St. Martin’s Lane / Sidewalks of London (1938)

“There ain’t no justice and there ain’t no logic; the world ain’t made that way.”

Sidewalks of London Poster

A pickpocket waif (Vivien Leigh) on the streets of London befriends a sympathetic busker (Charles Laughton) who takes pity on her and realizes she has dancing talent. After working as a team for awhile, Leigh is solicited by a wealthy man (Rex Harrison) who helps turn her into a star of the stage — but will her loyalty to Laughton shift for good?


Made the year before Vivien Leigh’s breakthrough role as Scarlett O’Hara in Gone With the Wind (1939), this sentimental tale about an unexpected friendship-of-convenience is primarily notable for Laughton’s nuanced performance as a quirky, practical, all-too-human fellow who “does the right thing” without thinking twice. Leigh’s character, on the other hand, is intentionally hard to sympathize with — though she redeems herself nicely by the end and is certainly no villain. Refreshingly, Laughton’s romantic interest in Leigh only occurs after they’ve lived (platonically) and worked together for awhile; until then, he maintains appropriately paternal/brotherly affection for her. Fine period detail and stark cinematography make this tale visually appealing, but it’s only must-see for fans of Leigh or Laughton, or those interested in pre-WWII busking culture.

Note: The storyline has strong parallels with A Star is Born (1937), given Laughton’s “fall from [relative] grace” while Leigh’s star is rising.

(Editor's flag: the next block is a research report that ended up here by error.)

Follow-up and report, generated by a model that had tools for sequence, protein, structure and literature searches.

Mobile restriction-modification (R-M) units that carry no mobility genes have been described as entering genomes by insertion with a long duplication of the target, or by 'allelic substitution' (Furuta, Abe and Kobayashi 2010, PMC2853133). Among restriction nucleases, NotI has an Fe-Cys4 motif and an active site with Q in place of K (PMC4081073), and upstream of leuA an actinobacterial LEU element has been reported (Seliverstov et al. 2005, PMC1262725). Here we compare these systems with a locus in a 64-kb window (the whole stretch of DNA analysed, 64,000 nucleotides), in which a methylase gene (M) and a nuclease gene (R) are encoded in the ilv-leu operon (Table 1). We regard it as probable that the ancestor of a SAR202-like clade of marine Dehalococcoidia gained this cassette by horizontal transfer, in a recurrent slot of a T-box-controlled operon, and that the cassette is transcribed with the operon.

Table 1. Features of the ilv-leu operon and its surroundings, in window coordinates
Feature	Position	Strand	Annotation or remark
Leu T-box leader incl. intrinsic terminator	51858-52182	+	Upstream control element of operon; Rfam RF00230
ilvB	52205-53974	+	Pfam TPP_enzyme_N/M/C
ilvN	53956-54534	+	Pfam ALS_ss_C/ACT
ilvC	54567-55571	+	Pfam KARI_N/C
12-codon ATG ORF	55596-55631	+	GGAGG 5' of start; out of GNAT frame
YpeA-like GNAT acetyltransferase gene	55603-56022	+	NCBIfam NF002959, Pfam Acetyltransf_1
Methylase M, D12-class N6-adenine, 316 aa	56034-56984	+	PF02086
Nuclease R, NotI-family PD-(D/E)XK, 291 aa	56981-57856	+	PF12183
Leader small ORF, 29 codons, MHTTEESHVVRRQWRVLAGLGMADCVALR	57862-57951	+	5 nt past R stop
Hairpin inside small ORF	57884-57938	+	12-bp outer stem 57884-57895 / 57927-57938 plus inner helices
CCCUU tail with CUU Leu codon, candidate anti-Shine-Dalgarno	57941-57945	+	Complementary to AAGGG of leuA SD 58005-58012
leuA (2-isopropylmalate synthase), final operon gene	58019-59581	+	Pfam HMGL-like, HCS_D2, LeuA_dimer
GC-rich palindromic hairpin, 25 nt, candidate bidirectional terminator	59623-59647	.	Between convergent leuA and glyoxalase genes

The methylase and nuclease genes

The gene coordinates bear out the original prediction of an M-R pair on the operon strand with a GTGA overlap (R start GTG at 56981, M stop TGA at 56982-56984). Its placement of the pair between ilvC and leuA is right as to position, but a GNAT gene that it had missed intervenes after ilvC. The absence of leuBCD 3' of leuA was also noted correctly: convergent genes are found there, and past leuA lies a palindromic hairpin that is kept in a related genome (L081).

Redeeming Qualities and Moments:

  • Charles Laughton as Charlie (nominated as one of the Best Actors of the Year in Peary’s Alternate Oscars)
    Sidewalks of London Laughton
    Sidewalks of London Laughton2
  • Fine period detail
    Sidewalks of London Period Detail
    Sidewalks of London Period Detail2
  • Jules Kruger’s cinematography
    Sidewalks of London Cinematography
    Sidewalks of London Cinematography2

Must See?
No; this one is only must-see for Laughton or Leigh completists.


One Response to “St. Martin’s Lane / Sidewalks of London (1938)”

  1. First viewing. Not must-see.

    Kind of a so-so script & there isn’t much the leads can do to raise it to a workable level. Laughton tries hard, admirably but in vain; Harrison is mainly monotone; Leigh isn’t all that effective as a musical performer – and her character is on the insufferable side once she becomes a star. There’s a sudden, turnaround shift near the end that attempts to salvage everything. A bit tiresome, really – and it feels long when it’s just under 90 minutes.

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